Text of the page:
Proportion of migrants who return to country of birth significantly higher than first thought, study suggests
Mexico-to-US route sees largest flow in past five years, but also biggest rate of return as study suggests 45 per cent of immigrants eventually return home.
The new method, published in the journal Proceedings of the National Academy of Sciences, found that the higher level of migration can be explained by increases in return migration – back to a person’s country of birth – which was much higher than previously thought.
Approximately 45 per cent of migrants returned to their home country in the studied period from 1990 to 2015. This appears to be particularly relevant for those displaced by conflict.
“We estimate a rate of return migration that is significantly higher than other methods, but it is also supported by history,” Professor Raftery said.
“For example, during the Rwandan genocide in 1994, more than a million migrants left the country, but most returned within three years after the conflict ended.”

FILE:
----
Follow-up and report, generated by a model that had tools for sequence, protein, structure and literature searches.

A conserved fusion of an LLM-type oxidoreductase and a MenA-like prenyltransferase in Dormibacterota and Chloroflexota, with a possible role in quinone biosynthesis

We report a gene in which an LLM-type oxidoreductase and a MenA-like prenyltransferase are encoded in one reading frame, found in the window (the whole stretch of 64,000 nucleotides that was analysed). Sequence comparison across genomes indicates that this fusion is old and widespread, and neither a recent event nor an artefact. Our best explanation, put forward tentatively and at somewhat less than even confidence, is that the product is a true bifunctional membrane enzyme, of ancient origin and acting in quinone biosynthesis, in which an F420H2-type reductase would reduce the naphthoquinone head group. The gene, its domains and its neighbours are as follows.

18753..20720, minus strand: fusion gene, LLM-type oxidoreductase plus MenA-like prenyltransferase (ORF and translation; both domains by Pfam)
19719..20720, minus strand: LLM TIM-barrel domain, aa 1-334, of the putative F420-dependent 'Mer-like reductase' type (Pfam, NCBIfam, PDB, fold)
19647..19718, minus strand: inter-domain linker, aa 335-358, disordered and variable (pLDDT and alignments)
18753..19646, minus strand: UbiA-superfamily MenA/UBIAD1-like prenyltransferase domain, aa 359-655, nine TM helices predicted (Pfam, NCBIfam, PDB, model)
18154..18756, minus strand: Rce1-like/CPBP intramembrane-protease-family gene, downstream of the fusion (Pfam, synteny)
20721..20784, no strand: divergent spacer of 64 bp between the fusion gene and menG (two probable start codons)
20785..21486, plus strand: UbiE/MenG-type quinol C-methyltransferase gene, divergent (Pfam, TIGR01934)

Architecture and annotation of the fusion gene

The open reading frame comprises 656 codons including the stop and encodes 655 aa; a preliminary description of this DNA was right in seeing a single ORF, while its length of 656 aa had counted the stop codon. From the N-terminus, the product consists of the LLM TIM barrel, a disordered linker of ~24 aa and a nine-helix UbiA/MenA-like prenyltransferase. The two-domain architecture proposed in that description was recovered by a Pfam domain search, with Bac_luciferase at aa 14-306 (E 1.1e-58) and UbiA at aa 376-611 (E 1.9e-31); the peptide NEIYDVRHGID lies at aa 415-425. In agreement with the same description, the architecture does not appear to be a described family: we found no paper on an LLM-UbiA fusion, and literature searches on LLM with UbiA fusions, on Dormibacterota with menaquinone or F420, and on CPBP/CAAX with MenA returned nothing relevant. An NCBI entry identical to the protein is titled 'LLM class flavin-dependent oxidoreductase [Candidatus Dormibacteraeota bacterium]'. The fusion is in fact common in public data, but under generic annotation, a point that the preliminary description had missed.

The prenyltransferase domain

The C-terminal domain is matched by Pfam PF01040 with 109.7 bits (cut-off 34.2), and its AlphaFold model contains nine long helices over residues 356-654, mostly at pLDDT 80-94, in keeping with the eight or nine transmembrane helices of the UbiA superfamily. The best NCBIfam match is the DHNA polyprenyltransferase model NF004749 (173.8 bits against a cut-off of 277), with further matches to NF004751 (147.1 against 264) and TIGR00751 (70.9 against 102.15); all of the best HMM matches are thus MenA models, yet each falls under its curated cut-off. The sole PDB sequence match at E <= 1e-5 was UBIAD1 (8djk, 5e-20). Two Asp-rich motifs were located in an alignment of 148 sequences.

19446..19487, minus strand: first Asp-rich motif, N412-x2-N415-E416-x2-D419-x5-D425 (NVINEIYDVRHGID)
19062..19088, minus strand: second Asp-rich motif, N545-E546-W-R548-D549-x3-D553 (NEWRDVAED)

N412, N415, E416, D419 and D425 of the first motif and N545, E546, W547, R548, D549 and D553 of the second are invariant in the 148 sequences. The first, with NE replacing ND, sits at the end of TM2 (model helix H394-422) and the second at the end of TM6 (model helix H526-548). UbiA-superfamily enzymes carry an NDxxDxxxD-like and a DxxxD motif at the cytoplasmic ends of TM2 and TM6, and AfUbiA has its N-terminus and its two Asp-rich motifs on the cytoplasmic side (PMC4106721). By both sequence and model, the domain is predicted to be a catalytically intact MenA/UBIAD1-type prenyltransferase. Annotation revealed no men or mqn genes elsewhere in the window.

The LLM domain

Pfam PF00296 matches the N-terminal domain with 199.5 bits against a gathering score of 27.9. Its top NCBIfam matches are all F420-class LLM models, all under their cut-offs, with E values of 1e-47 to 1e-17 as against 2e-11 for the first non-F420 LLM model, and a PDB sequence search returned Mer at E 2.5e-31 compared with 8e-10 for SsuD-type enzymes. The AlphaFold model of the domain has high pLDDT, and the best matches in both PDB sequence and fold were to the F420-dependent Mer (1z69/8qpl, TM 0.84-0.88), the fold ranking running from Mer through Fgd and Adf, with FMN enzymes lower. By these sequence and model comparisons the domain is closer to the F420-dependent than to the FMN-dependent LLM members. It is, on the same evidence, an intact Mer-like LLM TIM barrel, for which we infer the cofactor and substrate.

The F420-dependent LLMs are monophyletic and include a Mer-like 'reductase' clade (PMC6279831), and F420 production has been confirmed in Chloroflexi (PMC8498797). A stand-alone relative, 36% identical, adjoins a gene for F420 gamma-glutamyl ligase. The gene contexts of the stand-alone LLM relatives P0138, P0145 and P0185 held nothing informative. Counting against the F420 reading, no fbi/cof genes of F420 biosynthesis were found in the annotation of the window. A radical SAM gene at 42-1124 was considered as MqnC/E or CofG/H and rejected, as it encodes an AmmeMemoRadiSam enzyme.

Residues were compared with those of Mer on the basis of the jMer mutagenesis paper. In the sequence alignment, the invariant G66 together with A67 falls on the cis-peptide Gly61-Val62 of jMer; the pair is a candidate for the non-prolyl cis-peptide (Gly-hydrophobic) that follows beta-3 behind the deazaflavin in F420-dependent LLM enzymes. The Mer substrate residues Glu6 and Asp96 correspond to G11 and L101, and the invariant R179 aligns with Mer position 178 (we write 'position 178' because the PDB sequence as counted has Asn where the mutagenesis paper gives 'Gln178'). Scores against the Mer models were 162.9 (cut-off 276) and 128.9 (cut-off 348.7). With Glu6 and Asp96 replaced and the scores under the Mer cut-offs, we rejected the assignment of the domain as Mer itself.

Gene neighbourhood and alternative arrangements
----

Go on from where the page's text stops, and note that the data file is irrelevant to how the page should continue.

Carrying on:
Mass migration is still mainly being driven by major world conflicts and events, the study suggests. The civil war in Syria accounted for two of the top three emigration drivers between 2010 and 2015 in the study with flows from Syria to Turkey and from Syria to Lebanon accounting for 1.5 million people and 1.2 million people respectively.
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It suggests that emigration from Mexico to the United States was the biggest flow between 2010 and 2015, accounting for 2.1 million people. However the US to Mexico also had the highest rate of return migration, accounting for 1.3 million people – four times the rate of return from the United Arab Emirates to India.